June is Pride Month, but it’s SO important to me–all year long–that my clients know that this is a safe and loving space for ALL couples who wish to get married in Vermont. When you contact me to talk about planning your wedding, you will be valued and respected–no matter who you are or who you love, you are welcome here because #loveislove.
Here’s A Rundown of The Process of Getting Married in Vermont
- An eligible couple (18 years or older) must submit an application for a license in the Vermont town/city where one of the parties lives. Out-of-state couples can go to any town/city clerk. The couple must pay the applicable fee and will receive a marriage license from the clerk.
- The couple must have the marriage solemnized (i.e., have a ceremony) within 60 days of filing the application.
- Once the ceremony has been performed, the person who performed it (i.e., your officiant) has 10 days to send the license back to the city/town where it was issued.
- The city/town clerk will then file the original and the couple can receive an official certificate of their marriage.
Anyone can get married in Vermont! And all are welcome here! You’ll find more details on How To Get Married In Vermont here!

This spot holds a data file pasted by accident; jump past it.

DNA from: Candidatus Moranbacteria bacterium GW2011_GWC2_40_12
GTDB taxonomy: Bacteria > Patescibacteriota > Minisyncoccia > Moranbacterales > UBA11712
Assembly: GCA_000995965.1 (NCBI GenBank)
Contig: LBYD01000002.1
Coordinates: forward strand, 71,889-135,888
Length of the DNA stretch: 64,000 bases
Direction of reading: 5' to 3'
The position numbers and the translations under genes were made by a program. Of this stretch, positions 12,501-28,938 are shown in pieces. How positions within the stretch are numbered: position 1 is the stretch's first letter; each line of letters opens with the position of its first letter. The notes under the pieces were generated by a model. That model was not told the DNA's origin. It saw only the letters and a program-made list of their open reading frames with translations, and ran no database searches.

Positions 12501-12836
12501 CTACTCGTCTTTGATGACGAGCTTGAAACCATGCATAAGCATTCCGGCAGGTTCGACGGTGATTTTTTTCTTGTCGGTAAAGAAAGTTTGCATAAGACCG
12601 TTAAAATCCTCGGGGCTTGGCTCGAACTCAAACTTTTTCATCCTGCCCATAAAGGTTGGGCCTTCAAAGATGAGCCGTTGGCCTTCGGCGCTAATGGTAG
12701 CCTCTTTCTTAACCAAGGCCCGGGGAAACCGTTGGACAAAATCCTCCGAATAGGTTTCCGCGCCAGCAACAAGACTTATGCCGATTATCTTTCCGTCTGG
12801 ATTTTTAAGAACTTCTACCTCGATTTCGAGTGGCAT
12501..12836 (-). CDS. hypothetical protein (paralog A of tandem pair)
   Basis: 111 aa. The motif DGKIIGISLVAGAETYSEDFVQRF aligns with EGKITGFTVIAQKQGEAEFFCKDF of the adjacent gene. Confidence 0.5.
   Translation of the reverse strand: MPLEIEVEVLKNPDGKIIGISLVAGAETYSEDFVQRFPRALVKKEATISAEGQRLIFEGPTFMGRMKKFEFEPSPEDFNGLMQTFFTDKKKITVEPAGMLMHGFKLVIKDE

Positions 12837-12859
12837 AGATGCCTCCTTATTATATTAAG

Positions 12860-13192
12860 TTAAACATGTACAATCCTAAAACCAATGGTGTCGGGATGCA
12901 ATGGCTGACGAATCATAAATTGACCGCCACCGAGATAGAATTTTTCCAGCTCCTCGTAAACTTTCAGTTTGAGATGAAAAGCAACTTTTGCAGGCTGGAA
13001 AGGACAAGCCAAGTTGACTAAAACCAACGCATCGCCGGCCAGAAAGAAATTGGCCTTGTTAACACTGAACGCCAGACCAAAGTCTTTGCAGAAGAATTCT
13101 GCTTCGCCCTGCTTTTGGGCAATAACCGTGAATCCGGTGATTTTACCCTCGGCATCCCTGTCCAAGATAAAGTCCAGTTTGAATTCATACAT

While talking to a friend this week, I realized that I did my first same-sex wedding 20 years ago! Back in 2000, when Civil Unions became legal in Vermont, it was truly a victory and I was so honored to design wedding flowers for clients and friends who’d waited so long to get married.
Nine years later, after nearly 15 years of relentless work, Vermont Freedom to Marry succeeded in reaching its goal of marriage equality and Vermont became the first state to obtain marriage rights for same-sex couples through a legislative process rather than a court case. (The implementation date of the “Marriage Act” was September 1, 2009. (source))
Finally, fifteen years after civil unions became legal in Vermont, on June 26, 2015, the United States Supreme Court ruled that it was unconstitutional to prevent same-sex couples from marrying, and so now every state must allow same-sex couples to marry and must respect the marriages of same-sex couples, regardless of where the couple gets married. Finally.
The fight for equity is not over and we will continue to advocate for inclusion and representation of LGBTQIA+ couples throughout the wedding and event industry.
You might also like:
Learn about Wedding and Event Vendor Alliance here.
Click to see Dillon and Scott’s wedding flowers at The Coach Barn here.